WIN: Uptown Theater Restoration Plan Receives City Council Approval!

Uptown Theatre, 4816 N. Broadway, People line up to see the Uptown Theatre during opening week in August 1925, Photo Credit: Chicago Tribune Historic Photo
Uptown Theatre Exterior Existing Conditions. Photo Credit: Eric Holubow

On November 13, 2018, the Chicago Community Development Commission voted to approve the $75 million rehabilitation of the long-vacant Uptown Theatre. After decades of false starts and unfulfilled promises, this marks an highly important and tangible step forward for the restoration of this magnificent building.

Almost exactly 37 years ago, the Uptown Theatre hosted its last concert on Dec. 19, 1981 before being closed due to water damage from frozen pipes. The effort to save this “lost cause” from demolition has been long and arduous, but the preservation community never gave up on the dream of one day seeing the Uptown Theatre restored. In 1991 after a decade of advocacy, the Chicago preservation community succeeded in having the Uptown Theatre designated a Chicago Landmark. No one at that time could have guessed that the building would remain shuttered for nearly 30 more years!

Recently, Friends of the Uptown and Preservation Chicago sponsored an online petition to encourage the restoration of the Uptown Theatre that generated 10,778 signatures before it was closed having achieved its goal of seeing the building restored! Preservationists will need to wait a little longer, as construction work is expected to begin in August 2019 with a grand reopening scheduled for early 2021.

As Blair Kamin wrote in his Chicago Tribune column, “ local preservation groups — Landmarks Illinois, Preservation Chicago and Friends of the Uptown [formed in 1998) — and the Washington, D.C.-based National Trust for Historic Preservation, which in 1996 put the Uptown on its list of the nation’s most endangered places, deserve credit for the tenacity they exhibited in fighting for what many assumed was a lost cause. City officials also get kudos for laying the infrastructure groundwork that could help a renovated Uptown succeed .” (Kamin, Chicago Tribune, 6/29/18)

Mayor Rahm Emanuel and 46th Ward Alderman James Cappleman have long understood the importance of the Uptown Theatre. During his first campaign, Mayor Emanuel spoke about his interest in creating an Uptown Music District that would include a restored Uptown Theatre, the Aragon Ballroom, the Riviera Theatre, the Green Mill and other entertainment options. Recently, the Double Door announced plans to reopen in Uptown in the historic Wilson Theater Building and Baton Show Lounge announced plans to reopen in the historic Uptown Broadway Building. Additional steps to prepare Uptown for this exciting next phase have included the creation of the Uptown Square Chicago Landmark District in 2016 which protected 57 buildings, the restoration of the Gerber Building and the new Wilson Street ‘L” station, and streetscape improvements including a planned new pedestrian plaza and public stage, located just south of Lawrence and Broadway.

Mayor Emanuel said, “ The Uptown Theatre is more than a theater. It’s an iconic community anchor. The restored building will be the centerpiece of the new, revitalized entertainment district that will attract hundreds of thousands of show-goers while promoting continued economic growth for the surrounding neighborhood .” (Chicago DPD, 11/20/18)

Ald. James Cappleman said, “The renovation of this magnificent theatre has been my number one priority since I was re-elected. The Uptown Theatre restoration will be an economic engine for Uptown, bringing not only hundreds of jobs for residents, but also youth employment training. This project will improve the neighborhood for decades to come.” (Chicago DPD, 11/20/18)

Uptown Theatre Interior, 4816 N. Broadway. Photo Credit: Chicago Tribune Historic Photo
Mayor Emanuel announces the Uptown Theatre restoration project in the Grand Lobby in June 2018. Photo Credit: Chicago DPD
Uptown Theatre Grand Lobby Existing Conditions. Photo Credit: Eric Holubow

“ The Uptown Theatre is one of the greatest theaters in America, and it’s the premier property in Uptown. Its restoration will be expensive but the theater is a treasure that must be saved, ” said Jam co-founder Jerry Mickelson. “ Assistance from all levels of government — local, state, and federal — is necessary to get this project over the finish line. Future generations will not forgive those who do not save this magnificent palace, because a venue like the Uptown Theatre will never be built again .” (Chicago DPD, 11/20/18)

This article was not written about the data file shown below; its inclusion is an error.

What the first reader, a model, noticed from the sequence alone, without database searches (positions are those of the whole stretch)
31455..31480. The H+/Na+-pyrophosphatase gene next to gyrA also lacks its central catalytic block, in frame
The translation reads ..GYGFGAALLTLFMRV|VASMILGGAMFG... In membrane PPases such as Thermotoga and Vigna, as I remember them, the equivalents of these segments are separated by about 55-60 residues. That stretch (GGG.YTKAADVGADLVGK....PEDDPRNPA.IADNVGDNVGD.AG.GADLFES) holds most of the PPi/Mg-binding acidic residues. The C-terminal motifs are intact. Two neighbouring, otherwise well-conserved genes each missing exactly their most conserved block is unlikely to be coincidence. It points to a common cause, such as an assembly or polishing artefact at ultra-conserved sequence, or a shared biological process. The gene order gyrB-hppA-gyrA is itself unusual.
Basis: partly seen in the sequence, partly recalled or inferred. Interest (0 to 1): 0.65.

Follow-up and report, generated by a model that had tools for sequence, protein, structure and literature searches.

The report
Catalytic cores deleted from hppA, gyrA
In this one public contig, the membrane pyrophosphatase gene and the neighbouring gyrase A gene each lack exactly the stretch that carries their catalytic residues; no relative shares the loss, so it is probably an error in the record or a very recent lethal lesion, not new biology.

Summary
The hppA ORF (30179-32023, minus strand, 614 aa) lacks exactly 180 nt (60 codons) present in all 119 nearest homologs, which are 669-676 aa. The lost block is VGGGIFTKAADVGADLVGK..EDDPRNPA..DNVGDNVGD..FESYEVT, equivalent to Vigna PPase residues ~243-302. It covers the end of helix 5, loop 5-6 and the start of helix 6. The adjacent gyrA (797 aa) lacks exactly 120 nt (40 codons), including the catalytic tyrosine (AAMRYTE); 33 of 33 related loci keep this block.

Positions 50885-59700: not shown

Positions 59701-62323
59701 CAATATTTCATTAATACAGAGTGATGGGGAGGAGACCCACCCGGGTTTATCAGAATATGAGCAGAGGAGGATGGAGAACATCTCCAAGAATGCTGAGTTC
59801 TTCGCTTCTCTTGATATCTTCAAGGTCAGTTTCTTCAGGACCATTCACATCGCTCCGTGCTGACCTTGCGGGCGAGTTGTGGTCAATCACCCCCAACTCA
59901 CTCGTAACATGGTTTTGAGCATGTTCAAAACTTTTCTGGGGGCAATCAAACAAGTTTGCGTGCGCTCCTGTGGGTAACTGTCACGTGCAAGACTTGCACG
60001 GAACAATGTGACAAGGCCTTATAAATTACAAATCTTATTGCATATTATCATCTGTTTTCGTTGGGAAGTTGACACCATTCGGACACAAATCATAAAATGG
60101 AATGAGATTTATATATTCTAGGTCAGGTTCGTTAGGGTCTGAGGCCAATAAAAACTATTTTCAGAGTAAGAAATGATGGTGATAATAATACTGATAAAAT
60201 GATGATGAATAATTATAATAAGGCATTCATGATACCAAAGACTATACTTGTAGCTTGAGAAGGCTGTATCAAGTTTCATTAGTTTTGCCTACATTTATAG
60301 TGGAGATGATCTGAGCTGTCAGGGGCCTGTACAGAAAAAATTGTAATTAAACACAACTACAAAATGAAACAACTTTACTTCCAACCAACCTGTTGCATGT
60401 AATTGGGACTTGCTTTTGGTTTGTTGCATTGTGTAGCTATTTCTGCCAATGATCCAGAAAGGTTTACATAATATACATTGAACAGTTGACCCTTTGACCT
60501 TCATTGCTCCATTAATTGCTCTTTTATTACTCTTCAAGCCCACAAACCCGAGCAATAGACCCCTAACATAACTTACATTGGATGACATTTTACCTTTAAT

The complicated financing package requires significant private and public support including approximately $13 million in Tax Increment Financing through the Lawrence/Broadway TIF district, $14 million in State of Illinois’ Property Assessed Clean Energy Act PACE financing, $3 million in Adopt-A-Landmark funds, $10 million in Build Illinois bond funding; $9 million in federal historic tax credits, and a mix of private debt and equity from development team, Farpoint Development and Jam Productions.

The developer is Chicago-based Farpoint Development in joint venture with Chicago-based promoter Jam Productions, which purchased the Uptown Theatre in 2008 for $3.2 million after a court-ordered foreclosure sale. Jerry Mickelson and Arny Granat are co-founders and co-owners of Jam Productions. Farpoint is led by Steve Goodman, a co-founder of Sterling Bay which is one of Chicago’s largest real estate development firms.

The restoration architect will be Chicago-based Lamar Johnson Collaborative supported by Schuler Shook, a well-known national theater consultant whose previous projects include the historic Palace Theatre in St. Paul, the Kings Theatre in Brooklyn, and the Black Ensemble Theatre in Chicago. (Jones, Chicago Tribune, 11/13/18)

“George Halik, principal at Lamar Johnson, said the intent was to install a new marquee that would replicate the original, which is different from the more recent one with which most Chicagoans are most familiar.” (Jones, Chicago Tribune, 11/13/18)

Interior improvements are expected to include new elevators, concessions, building systems and related work that will increase capacity from approximately 4,100 to 5,800 people. Exterior work will repair the building’s masonry and terra cotta, and improve marquees and related signage, among other repairs and improvements.

“ It’s been more than 35 years since the theater closed to the public, which makes this the most anticipated restoration project in the City’s history ,” said DPD Commissioner David L. Reifman. “ The Uptown is the last and largest movie palace in the United States that hasn’t been demolished or restored and its re-opening is going to be recognized by preservationists, entertainment entities, cultural organizations and cities around the world. ” (Chicago DPD, 11/20/18)

A Palace of Enchantment, Balaban & Katz Magazine, August 17, 1925,